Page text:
Completion of the £14m project was originally expected in spring 2024 but it has now been put back to spring 2025.
Preston City Council, which owns the Grade I listed museum and library building, said that works had been rescheduled after uncovering “the secrets of a 130-year-old heritage building”.
During construction work, The Harris has revealed additional fire protection works, large-scale asbestos removal and boiler replacements are necessary.
Conlon Construction chairman Michael Conlon said: “Together with Preston City Council and designers, we have an outstanding project team. We’re all committed to delivering an exceptional visitor experience that honours one of our city’s most culturally significant landmarks. It’s a rare privilege to act as custodians during the restoration of such an important Grade I listed building.
“As has often been the case in our experience with numerous heritage projects, the 130-year-old building has revealed some hidden secrets. These will require careful and sympathetic attention to ensure its preservation for future generations. The final result will be remarkable, and we’re all focused on ensuring The Harris, known and loved by the people of Preston, continues to play a crucial role in the city’s future.”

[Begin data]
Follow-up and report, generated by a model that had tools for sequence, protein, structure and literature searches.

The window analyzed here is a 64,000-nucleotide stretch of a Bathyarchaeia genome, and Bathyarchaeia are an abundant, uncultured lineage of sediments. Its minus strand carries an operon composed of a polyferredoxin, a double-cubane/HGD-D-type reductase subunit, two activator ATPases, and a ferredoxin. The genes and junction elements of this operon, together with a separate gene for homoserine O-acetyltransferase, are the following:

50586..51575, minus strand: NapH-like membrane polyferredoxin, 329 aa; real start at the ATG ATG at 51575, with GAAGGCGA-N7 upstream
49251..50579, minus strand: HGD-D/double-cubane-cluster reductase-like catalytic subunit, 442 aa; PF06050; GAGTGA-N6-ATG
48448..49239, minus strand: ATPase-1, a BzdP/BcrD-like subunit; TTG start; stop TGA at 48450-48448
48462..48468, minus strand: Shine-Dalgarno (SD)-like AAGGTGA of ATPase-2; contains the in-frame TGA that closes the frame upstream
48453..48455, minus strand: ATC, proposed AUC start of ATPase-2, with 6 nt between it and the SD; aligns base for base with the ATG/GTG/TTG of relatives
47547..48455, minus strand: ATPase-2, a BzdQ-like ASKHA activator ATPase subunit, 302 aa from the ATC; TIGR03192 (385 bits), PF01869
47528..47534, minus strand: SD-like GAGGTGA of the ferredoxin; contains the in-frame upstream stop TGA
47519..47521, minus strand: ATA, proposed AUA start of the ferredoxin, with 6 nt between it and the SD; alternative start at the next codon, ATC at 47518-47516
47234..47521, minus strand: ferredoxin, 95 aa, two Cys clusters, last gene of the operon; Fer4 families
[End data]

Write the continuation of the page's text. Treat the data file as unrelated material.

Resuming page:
Councillor Peter Kelly, cabinet member for arts and culture at Preston City Council, said: “The council fully supports The Harris’ decision to extend the reopening date. We recognise the importance of preserving our cultural heritage, and this extension ensures that the necessary work can be completed to the highest standards. We appreciate the public’s continued support and patience as we work diligently to ensure a long and ambitious future, accessible for all.”
In addition to the preservation efforts, The Harris acknowledges previous plans for an additional lift and the challenges in accommodating it within existing foundations. With the additional lift removed from the project design, The Harris is working on a comprehensive set of access improvements to benefit a wider range of visitors to address accessibility, drawing on the experience of project access consultants Direct Access. The new public stairwell and circulation point remain integral to these, as do the new changing place facility and accessible toilet efforts.